There are already dozens of cases in almost half of the United States of a new Covid subvariant that is even more contagious than the already highly transmissible omicron variant.
Nearly half of U.S. states have confirmed the presence of BA.2 with at least 127 known cases nationwide as of Friday, according to a global database tracking Covid variants. The Centers for Disease Control and Prevention said in a statement Friday that although BA.2 has increased relative to the original omicron strain in some countries, it is currently circulating at a low level in the United States.
The subvariant is 1.5 times more transmissible than the original omicron strain, by researchers referred to as BA.1, according to the Statens Serum Institut, which performs infectious disease surveillance for Denmark.
The new pedigree does not appear to further reduce the effectiveness of vaccines against symptomatic infection, according to the UK Health Security Agency.
"Currently, there is no evidence that the BA.2 genus is more serious than the BA.1 genus," said CDC spokeswoman Kristen Nordlund.
BA.2 overtook the original omicron as the dominant variant in Denmark within a few weeks, says Troels Lillebæk, chairman of the Scandinavian nation's committee, which monitors Covid variants.
BA.1 and BA.2 have many differences in their mutations in the main areas. In fact, the difference between BA.1 and BA.2 is greater than the difference between the original "wild strain" and the Alpha variant, which was the first major mutation to take root worldwide.
The BA.2 variant has five unique mutations on a key part of the tip protein, which the virus uses to bind to human cells and invade them, Lillebæk told CNBC. Mutations on this part of the tip, known as the receptor binding domain, are often associated with higher transmissibility.
The UK Health Security Agency said on Friday that BA.2 has a "significant" growth advantage over the original omicron. The sister variant spread faster than the original omicron in all regions of England, where there were enough cases to conduct an analysis, according to the agency.
However, a preliminary assessment found that BA.2 does not appear to reduce the efficacy of vaccines more than the original omicron. A booster dose was 70% effective in preventing symptomatic disease from BA.2 two weeks after receiving the shot compared to 63% efficacy for the original omicron strain.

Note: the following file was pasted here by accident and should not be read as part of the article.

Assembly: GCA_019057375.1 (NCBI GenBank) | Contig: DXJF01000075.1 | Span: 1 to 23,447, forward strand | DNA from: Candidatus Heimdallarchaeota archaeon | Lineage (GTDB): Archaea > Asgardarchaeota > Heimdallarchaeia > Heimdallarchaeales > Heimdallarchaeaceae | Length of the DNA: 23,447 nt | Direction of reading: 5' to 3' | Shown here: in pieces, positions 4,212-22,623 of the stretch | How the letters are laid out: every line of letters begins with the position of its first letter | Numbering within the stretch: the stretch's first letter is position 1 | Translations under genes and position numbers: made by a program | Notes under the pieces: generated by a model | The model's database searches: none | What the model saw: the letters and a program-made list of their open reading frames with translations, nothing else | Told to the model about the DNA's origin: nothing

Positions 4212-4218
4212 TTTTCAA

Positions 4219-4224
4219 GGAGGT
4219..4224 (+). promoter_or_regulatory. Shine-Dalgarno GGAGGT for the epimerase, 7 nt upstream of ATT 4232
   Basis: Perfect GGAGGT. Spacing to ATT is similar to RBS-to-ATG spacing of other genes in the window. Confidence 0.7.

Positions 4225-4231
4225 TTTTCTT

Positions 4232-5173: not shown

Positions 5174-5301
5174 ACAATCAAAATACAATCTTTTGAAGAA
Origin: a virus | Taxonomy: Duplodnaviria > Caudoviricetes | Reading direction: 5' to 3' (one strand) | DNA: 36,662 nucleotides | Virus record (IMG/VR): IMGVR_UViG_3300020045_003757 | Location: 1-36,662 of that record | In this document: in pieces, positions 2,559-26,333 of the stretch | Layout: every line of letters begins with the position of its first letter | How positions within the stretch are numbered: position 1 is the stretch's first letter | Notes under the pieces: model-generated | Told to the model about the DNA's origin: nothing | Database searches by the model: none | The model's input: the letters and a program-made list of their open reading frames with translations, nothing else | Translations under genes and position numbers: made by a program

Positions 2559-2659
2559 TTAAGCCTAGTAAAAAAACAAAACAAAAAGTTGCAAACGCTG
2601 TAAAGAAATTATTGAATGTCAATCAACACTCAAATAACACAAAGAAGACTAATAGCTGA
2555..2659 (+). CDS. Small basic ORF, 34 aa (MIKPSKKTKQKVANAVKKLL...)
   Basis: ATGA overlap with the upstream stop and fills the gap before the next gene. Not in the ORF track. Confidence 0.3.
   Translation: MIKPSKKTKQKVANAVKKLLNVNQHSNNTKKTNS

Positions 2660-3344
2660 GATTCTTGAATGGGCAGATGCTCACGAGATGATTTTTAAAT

The World Health Organization has not labeled BA.2 as a variant of concern. However, WHO officials have repeatedly warned that new variants will emerge as omicron spreads around the world at an unprecedented rate. Maria Van Kerkhove, WHO's Covid-19 technical director, warned on Tuesday that the next Covid variant would be more transferable.
"The next variant of concern will be more appropriate, and what we mean by that is that it will be more transferable because it will have to overtake what is currently circulating," Van Kerkhove said. "The big question is whether future variants will be more or less severe."
Lillebæk said that there is not yet enough data to determine whether BA.2 is capable of re-infecting people who captured the original omicron. However, previous infection is likely to confer some crossover immunity to BA.2.
Pfizer and Moderna started clinical trials this week with omicron-specific shots amid growing concern that new variants will emerge as the immunity induced by the original vaccines diminishes.
New Covid cases are on the rise in Denmark, with more than 50,000 new infections reported Friday in a country of 5.8 million people, according to the country's Ministry of Health. Lillebæk said that it is safe to assume that BA.2 is driving the increase in the number of new infections in Denmark right now.
New hospital admissions in Denmark increased by 12 for a total of 967 patients who are covid-positive. Lillebæk said that this increase is probably within the limits of what the health system can handle. He noted, however, that 80% of Danes are fully vaccinated, and 60% have received booster injections.
"If you are in a community or live in a country where you have a low vaccination rate, then you will definitely have more hospital admissions and more serious cases and then more in the intensive care unit," he said.
In the United States, about 67% of those eligible are fully vaccinated, according to CDC data.